Early Auden poems discovered in school magazine from 1920s

A collection of previously unknown poems, thought to be early examples of the work of W H Auden, have been unearthed in a school magazine.

The poems, which will form part of centenary celebrations for Wystan Hugh Auden at Gresham's School next week, were discovered by John Smart, a former head of art, who chanced across them while researching the life of another literary old boy. Mr Smart is writing a biography of John Hayward, a close friend of T S Eliot and an important critic of his work. In the course of his research, he read old copies of The Gresham, the magazine Hayward edited during his time at the school in Holt, Norfolk, where he was a pupil a couple of years before Auden.

In one of the journals, Mr Smart came across a poem entitled "Evening and Night on Primrose Hill", which, like most of the verse in the magazine, was unsigned.

In her definitive collection of Auden's "Juvenilia", the author Katherine Bucknell refers to a sonnet the poet wrote about Primrose Hill in north-west London, which had been lost. The poem was also published opposite "Dawn", which is accepted as one of Auden's early works.

Although what he had found was not a sonnet, Mr Smart detected some Auden hallmarks, including the rhyme of "hill" and "still" and "the way that he likes to end his poems with almost an epiphany". The poem was published on 16 December 1922, the year in which Auden decided to become a poet while on a walk with his friend Robert Medley. During the walk, in March, Medley asked Auden whether he wrote poetry. Years later, Auden recalled his reply in his poem "Letter to Lord Byron": "I never had, and said so, but I knew/ That very moment what I wished to do."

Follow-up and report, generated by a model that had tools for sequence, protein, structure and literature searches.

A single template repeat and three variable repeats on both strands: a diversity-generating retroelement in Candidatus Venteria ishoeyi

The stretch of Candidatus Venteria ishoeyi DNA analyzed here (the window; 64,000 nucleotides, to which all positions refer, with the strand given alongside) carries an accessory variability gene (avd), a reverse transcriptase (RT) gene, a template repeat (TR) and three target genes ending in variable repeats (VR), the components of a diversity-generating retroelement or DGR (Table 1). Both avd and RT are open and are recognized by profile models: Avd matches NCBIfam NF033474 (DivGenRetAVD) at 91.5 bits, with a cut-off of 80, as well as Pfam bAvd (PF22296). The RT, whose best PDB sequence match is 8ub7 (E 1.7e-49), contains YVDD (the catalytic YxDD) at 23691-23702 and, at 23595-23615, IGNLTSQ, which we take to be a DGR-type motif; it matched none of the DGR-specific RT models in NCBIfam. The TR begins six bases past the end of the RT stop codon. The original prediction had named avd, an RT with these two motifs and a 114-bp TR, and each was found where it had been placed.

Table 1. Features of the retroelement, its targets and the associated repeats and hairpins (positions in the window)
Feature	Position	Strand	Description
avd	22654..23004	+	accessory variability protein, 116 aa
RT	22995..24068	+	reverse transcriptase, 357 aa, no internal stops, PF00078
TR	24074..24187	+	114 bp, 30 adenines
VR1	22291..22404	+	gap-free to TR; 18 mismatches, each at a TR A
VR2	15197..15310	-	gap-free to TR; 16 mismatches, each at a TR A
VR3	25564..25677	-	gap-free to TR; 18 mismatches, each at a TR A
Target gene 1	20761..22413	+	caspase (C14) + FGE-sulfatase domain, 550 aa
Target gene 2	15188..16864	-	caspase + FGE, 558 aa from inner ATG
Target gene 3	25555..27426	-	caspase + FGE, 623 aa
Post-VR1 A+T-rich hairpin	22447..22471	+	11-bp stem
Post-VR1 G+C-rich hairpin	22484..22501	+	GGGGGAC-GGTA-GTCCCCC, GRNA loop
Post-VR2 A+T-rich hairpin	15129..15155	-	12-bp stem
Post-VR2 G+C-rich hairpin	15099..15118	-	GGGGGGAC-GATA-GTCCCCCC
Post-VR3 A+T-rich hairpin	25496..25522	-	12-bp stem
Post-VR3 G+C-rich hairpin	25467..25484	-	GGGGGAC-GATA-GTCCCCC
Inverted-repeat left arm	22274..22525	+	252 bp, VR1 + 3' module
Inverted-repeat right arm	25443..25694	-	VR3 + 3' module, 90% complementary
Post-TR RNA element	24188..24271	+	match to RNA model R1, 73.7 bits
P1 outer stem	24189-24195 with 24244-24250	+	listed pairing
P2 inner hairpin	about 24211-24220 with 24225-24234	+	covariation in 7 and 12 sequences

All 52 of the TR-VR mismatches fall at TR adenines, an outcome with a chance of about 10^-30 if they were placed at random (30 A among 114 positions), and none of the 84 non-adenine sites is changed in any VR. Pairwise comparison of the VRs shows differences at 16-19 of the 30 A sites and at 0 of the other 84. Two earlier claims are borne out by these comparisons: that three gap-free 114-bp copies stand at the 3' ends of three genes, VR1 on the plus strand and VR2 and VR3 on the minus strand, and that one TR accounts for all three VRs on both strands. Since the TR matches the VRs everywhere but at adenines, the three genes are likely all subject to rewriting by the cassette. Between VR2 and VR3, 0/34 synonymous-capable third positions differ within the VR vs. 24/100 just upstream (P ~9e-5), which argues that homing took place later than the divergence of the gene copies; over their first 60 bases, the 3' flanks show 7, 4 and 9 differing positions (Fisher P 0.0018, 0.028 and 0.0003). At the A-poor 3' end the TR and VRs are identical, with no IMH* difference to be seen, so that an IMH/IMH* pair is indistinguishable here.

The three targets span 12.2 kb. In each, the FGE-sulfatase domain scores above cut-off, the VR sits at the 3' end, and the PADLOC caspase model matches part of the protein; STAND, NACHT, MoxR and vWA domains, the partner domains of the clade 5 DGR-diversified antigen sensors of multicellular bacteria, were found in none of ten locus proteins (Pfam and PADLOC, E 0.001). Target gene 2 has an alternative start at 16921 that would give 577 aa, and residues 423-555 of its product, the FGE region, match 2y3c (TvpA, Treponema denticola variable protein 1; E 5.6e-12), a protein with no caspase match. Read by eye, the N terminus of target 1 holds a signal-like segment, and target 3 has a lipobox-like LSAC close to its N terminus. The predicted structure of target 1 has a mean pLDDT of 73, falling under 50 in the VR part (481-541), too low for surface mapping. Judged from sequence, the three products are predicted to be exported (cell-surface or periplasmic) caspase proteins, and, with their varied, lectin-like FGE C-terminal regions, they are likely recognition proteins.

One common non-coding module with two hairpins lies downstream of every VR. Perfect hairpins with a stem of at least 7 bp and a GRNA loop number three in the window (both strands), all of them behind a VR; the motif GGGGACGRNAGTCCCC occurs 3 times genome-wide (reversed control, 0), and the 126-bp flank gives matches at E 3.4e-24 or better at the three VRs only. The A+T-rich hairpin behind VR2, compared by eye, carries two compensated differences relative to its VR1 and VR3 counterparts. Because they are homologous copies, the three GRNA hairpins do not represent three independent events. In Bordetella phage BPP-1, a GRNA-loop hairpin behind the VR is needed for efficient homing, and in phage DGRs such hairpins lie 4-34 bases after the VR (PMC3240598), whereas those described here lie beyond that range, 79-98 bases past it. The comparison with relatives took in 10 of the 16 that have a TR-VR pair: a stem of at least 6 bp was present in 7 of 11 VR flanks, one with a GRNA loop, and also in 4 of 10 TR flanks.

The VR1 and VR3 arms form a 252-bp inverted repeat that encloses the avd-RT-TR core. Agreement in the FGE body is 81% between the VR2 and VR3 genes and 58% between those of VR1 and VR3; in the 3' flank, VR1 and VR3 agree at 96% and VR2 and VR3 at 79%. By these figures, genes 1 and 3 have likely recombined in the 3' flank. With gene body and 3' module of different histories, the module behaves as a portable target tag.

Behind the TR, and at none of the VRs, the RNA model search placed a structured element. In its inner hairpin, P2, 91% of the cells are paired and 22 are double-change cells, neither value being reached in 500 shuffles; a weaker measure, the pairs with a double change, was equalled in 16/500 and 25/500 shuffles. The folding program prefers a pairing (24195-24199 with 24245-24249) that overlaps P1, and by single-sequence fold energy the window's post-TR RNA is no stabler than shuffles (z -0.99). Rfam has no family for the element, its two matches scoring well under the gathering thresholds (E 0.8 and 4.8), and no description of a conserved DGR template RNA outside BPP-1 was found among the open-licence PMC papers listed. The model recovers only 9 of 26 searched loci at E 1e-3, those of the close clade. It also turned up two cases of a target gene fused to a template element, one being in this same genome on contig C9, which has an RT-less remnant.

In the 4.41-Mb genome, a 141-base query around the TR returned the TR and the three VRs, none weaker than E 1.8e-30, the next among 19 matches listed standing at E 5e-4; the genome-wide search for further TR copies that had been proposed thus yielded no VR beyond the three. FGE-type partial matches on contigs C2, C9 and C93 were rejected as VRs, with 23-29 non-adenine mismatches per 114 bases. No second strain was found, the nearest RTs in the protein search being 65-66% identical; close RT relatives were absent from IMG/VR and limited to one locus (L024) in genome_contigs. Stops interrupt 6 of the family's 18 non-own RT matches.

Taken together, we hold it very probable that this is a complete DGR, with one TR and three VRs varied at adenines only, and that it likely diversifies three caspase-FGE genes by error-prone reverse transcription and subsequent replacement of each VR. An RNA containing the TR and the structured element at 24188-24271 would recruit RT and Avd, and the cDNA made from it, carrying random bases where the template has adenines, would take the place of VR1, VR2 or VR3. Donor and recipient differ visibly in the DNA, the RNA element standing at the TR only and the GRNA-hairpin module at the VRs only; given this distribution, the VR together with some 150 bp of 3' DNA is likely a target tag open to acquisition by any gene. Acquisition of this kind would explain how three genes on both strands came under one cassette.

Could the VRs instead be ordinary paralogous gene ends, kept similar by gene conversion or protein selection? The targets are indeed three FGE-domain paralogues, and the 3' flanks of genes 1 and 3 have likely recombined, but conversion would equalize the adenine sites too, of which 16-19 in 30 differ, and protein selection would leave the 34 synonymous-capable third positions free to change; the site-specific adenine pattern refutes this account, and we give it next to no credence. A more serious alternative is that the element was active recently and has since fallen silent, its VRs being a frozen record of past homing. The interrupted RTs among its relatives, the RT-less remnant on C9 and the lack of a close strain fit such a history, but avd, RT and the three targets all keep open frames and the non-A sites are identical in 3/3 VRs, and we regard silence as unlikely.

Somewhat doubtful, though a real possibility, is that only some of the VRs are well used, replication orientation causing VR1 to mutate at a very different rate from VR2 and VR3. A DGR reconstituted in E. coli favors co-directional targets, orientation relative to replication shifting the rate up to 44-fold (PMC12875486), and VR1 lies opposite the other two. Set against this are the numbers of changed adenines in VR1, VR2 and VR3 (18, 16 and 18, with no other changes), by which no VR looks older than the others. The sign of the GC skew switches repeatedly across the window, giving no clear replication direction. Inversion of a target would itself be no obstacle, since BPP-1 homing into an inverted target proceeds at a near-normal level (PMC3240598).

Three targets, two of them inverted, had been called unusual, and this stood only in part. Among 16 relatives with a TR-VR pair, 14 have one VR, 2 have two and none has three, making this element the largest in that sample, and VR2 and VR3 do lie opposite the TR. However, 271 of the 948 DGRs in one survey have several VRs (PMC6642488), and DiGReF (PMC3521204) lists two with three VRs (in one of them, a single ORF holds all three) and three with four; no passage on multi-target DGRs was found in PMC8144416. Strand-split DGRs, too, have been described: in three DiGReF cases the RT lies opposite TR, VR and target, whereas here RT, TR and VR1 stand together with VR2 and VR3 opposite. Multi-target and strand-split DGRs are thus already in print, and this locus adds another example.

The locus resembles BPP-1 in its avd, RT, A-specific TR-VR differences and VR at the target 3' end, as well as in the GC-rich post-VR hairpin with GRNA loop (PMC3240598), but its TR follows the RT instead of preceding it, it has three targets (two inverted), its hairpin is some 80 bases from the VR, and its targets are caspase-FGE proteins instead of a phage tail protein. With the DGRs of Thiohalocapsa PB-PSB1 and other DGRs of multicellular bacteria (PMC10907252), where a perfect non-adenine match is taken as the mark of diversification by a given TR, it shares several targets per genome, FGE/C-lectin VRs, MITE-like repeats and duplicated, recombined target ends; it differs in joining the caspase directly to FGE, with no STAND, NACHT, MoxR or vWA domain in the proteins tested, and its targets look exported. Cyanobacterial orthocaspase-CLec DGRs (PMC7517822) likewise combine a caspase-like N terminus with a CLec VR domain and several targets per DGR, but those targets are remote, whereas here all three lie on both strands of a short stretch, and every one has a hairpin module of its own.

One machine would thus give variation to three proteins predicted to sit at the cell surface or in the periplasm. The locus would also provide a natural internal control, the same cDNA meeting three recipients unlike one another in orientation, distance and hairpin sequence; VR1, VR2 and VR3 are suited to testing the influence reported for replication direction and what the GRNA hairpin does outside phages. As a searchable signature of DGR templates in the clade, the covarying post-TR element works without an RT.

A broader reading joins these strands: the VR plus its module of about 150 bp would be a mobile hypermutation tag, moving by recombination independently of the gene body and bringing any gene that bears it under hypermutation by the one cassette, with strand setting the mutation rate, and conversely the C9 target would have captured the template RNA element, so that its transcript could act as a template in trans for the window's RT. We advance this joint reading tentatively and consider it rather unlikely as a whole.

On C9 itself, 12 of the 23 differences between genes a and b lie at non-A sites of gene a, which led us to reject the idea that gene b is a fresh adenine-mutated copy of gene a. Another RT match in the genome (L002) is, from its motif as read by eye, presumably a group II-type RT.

Auden knew Primrose Hill, from his visits to stay with Medley, who lived in London. The poem describes how: "City men in bowler hats, return now day is done/ Rejoicing in the embers of the sun."

Mr Smart believes a second poem published in The Gresham, on 28 July 1923, entitled "To a Tramp met in the Holidays in Monmouthshire", can also be attributed to Auden. The poet, whose family hailed from Birmingham, was a regular visitor to Monmouth, and it is unlikely that many of his fellow pupils at Gresham's, the most easterly public school in England, would have known the area. And again, the poem contains Auden's trademark rhyme: "hill/ still".

There is less evidence to link a third poem, "Enchanted", to Auden, but Mr Smart argues that its subject matter – an enchanted pool where "Merlin shall entice thy feet", reflected the poet's debt to Walter de la Mare's poems on magic and fairies.

Mr Smart said: "None of the poems I've found I could claim was a great poem." But, he added that the juxtaposition of "Evening and Night on Primrose Hill" and the more traditional "Dawn" in 1922, the year in which T S Eliot's The Waste Land and James Joyce's Ulysses were published, showed "the modern, put against the old way – two totally different styles".

PROMOTED VIDEO
Have you tried new the Independent Digital Edition apps?
News
ebooksAn unforgettable anthology of contemporary reportage
News
Russell Brand arriving for the book launch in East London
peopleRussell Brand cancels his book launch debate due to concerns about the make-up of the panel
Arts and Entertainment
JK Rowling will not be releasing a 'romance' novel anytime soon
books
Life and Style
tech

Of all the computers Apple has ever made there’s only one that Steve Jobs had to sell his car to finance

Arts and Entertainment
Sarah Dales attempts to sell British Breeze in the luxury scent task
tvReview: 'Apprentice' candidates on the verge of tears as they were ejected from the boardroom
News
One of the 'princesses' in the video
videoYouTube reinstates sweary video after takedown for 'violating terms'
Latest stories from i100
Have you tried new the Independent Digital Edition apps?
Independent Dating
and  

By clicking 'Search' you
are agreeing to our
Terms of Use.

iJobs Job Widget
iJobs General

Systems Tester - Functional/Non-Functional/Full Life Cycle

£20000 - £22000 per annum: Ashdown Group: Systems Tester - Functional/Non-Func...